He reminded us that inappropriate joke are the beginning... Rude gestures, name calling, negative associations... Assuming most gay men are pedophiles, that there's something *wrong* with them, that they are a *them* and not *us*, that the phrase "that's so gay!" is equivalent to "that's so stupid" in American vernacular these days... reminding us that it's no different than saying, "I hope you didn't get jewed when you bought that car!" thereby equating Jews with being cheated. (He made several more pretty graphic analogies throughout the sermon.) The words of those who demonize and differentiate, no matter how outlandish they are, become accepted by more and more people as likely to be facts... Next come outbursts of violence, which become more and more frequent, more and more tolerated by the general public, the excuses by those who agree with the perpetrators that the victims somehow brought the violence upon themselves for essentially not being the same as everyone else become more acceptable... This has happened in this area in the last few years... Several gay men have gone missing in Hillsborough County, one of them just 5 miles north of my home, in similar enough ways to make authorities wonder if there's a serial killer stalking gay men in the area and openly gay men and women have been warned to be extra aware of their surroundings and to try not to go out alone... Every few months there are news stories published that a gay man or a lesbian has been assaulted, several have been in their own front yards or at their businesses... (And I remembered specifically about 2 years ago, during Gay Pride, there was an all night circuit party, a "White Party," for gay men at the rented-out Florida Aquarium... In the wee hours of the morning, as it was winding down, a lot of guys were walking to their cars parked in the garage across the street. A group of five or six angry, young straight guys, armed with crowbars and chains, attacked one of them from behind as he reached his car. He didn’t even have a chance to defend himself. They yelled, "Stupid fag!" and other obscenities as they beat him and kicked him, but he was already unconscious and bleeding on the cement floor by then and didn't hear them. Some of the other "fags" in the garage heard, I think in a turn of divine justice, the commotion and came running. Since the attackers were drunk, and not really in shape (unlike the vast majority of the kind of guys who would go to a White Party, let me tell you), when they reached them, those attackers got the snot beat out of them and were subdued while the police were called and ambulances arrived. The attackers had broken bones, busted lips and bloody noses, and were arrested and charged with some nasty felonies... The young man who was attacked was in a coma, but thankfully came out of it after a few days and, after many months of physical therapy, made a full recovery. And the gay men who came to his rescue, happily, weren't charged with anything, since the attackers had been armed and obviously the aggressors. Even though it ended well, given the situation, it started in the first place when it shouldn't have at all.)

Rabbi Zimmerman pressed on: Then, the little laws get passed... This anti-gay ordinance in Hillsborough County and many others like it in communities across the country, it's a sign. It's a sign as much as the first anti-Semitic laws in Germany were a start. The slope is slippery and if no one but those who are persecuted care or cry out, the snowball will turn into an avalanche, people will loose their lives and the world will become dimmer for the spilling of innocent blood.

And, just when the sermon was getting to the point where some might have been wondering when it was going to end, he brought it back home. He said, "And I'm sure many of you are sitting there thinking, 'Rabbi, what does *this* have to do with me and Yom Kippur?' Well, I can tell you there were many good priests in Europe and North America who gave sermons during Christmas services in 1939 just like this one, and many of their congregants probably asked the same thing."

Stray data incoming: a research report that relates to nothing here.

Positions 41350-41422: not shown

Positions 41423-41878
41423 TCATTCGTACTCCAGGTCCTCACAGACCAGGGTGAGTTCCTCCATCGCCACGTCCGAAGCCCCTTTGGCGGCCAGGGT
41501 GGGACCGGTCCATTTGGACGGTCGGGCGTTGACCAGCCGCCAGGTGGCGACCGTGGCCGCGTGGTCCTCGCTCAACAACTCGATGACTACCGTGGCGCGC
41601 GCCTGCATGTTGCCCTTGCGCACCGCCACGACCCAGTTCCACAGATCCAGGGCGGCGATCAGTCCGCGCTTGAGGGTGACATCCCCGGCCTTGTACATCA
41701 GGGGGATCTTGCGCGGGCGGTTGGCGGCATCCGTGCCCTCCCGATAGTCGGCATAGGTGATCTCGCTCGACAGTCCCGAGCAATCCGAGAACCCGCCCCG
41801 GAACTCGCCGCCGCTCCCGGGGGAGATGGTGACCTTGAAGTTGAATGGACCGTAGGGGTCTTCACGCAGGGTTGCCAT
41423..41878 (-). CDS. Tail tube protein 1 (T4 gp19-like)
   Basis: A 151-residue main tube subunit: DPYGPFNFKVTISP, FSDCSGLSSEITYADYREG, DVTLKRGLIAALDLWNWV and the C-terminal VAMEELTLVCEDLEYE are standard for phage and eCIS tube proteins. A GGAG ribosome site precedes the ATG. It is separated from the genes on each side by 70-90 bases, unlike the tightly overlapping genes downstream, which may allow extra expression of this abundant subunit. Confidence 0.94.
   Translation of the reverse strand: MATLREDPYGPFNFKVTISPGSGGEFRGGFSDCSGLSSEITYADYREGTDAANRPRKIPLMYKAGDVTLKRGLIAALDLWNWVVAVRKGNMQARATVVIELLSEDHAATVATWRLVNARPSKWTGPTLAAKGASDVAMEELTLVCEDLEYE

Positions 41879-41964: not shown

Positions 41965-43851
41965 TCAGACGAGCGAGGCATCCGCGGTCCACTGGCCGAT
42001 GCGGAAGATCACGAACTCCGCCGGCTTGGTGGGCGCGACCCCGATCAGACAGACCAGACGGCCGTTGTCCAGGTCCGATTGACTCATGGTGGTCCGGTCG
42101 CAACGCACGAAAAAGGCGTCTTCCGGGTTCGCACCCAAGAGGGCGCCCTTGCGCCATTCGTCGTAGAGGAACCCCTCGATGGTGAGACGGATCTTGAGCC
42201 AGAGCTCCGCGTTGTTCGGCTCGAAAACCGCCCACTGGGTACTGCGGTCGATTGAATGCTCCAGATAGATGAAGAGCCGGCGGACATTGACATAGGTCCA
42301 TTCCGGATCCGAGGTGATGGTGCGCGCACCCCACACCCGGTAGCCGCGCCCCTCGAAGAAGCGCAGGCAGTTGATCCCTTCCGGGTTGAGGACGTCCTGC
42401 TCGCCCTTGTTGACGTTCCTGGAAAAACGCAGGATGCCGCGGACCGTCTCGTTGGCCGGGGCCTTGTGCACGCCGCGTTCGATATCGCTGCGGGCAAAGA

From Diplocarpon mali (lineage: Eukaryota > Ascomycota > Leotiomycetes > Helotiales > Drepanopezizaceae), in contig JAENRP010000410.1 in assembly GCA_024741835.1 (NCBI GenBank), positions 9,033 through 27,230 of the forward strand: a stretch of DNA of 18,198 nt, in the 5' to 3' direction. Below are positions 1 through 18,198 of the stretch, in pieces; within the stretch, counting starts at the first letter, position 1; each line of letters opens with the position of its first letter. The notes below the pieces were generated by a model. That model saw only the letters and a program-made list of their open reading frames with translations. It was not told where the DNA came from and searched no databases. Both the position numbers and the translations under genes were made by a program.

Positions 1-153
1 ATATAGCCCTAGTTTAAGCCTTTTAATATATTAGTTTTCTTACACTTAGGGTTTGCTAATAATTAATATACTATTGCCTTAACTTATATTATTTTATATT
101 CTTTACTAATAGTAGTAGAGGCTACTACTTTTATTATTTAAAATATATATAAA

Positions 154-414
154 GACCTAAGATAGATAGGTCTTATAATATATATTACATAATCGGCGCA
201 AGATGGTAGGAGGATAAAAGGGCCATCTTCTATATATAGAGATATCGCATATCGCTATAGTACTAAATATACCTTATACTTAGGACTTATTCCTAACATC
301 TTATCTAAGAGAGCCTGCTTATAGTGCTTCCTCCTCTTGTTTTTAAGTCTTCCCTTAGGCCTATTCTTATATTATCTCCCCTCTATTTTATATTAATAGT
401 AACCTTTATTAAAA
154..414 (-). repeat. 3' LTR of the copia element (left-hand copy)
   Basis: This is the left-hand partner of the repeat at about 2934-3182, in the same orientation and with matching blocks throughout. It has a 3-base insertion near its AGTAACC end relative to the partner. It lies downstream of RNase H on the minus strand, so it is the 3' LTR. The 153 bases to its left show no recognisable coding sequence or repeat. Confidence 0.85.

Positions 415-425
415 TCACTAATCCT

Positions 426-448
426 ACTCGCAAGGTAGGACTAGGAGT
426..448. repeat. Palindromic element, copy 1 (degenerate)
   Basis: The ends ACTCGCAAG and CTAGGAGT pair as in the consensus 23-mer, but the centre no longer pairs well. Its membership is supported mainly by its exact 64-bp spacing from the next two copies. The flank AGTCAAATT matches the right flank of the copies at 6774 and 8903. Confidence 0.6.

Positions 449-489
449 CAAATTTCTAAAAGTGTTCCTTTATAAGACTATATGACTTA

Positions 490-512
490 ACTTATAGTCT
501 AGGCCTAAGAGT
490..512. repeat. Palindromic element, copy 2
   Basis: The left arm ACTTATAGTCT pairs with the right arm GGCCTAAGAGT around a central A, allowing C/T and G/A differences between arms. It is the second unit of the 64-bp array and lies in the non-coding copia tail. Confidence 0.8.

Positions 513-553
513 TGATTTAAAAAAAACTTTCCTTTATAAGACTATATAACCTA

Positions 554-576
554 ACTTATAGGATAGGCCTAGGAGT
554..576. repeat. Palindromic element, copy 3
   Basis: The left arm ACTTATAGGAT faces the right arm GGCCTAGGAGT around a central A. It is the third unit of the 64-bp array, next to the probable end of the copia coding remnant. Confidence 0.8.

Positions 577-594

The point was we know what's happening now, we've seen it before, as a people we lived it before, and we know that's it's wrong and it's wrong to be silent. Being silent in the face of injustice is as serious a sin as actively participating in the injustice. Are we going to stand by and watch? We know we shouldn't, we know we must speak out for all those who have been silenced and all those who would be silenced. I’ve known this for years and that’s why I’ve been a card-carrying member of the Human Rights Campaign and Equality Florida since I was 16 in 1999. I vowed to myself then that I would not be silent for all those who are forced to be. And still, even with all this commitment and effort and calling friends out on the mat for casual thoughtless homophobic comments, telling them, exactly as the rabbi said, that such comments are not harmless, and bearing their anger at my censure on more than one occassion, I know in my heart there is more I could have done.

I was glad that Rabbi Zimmerman reminded the entire congregation of these obligations… I could see looking around it was very difficult for many of them to hear. I could feel the tension in the room rise, there was a sense of uncomfortable emotion as the sermon ended on that note, which I think was the rabbi's intent. But I still wondered, as we all watched the children filter back into the sanctuary and were welcomed and hugged by their parents a few minutes later, how many of those parents were glad that their children hadn't heard the Rabbi's sermon this year.

And on a completely different note, but still connected to Yom Kippur, my cousin (by marriage) Stephanie gave birth to a baby girl (and I *knew* it would be a girl. As soon as we found out that she was pregnant last spring, I immediately thought, "it's a girl"... did the same thing when she had Molly, and I knew instantly that Jake would be a boy when she was pregnant with him... Perhaps I *am* a bit psychic... ;D ) around noon on Yom Kippur. She and her husband have decided to name her “Katelyn Rose” (I’m not sure on the spelling, but that’s the name). Poor Steph had a c-section and so she wasn’t up for visitors yesterday, and Katelyn spent her first several hours in the Neonatal Intensive Care Unit, though she wasn‘t a premmie. My cousin Martin said there was something wrong with the way she was breathing when she was born. We’re praying it’s not serious and she recovers. I’ll post a picture as soon as I get to take them… Hopefully, we will be able to go to the hospital to see them this afternoon.

No comments: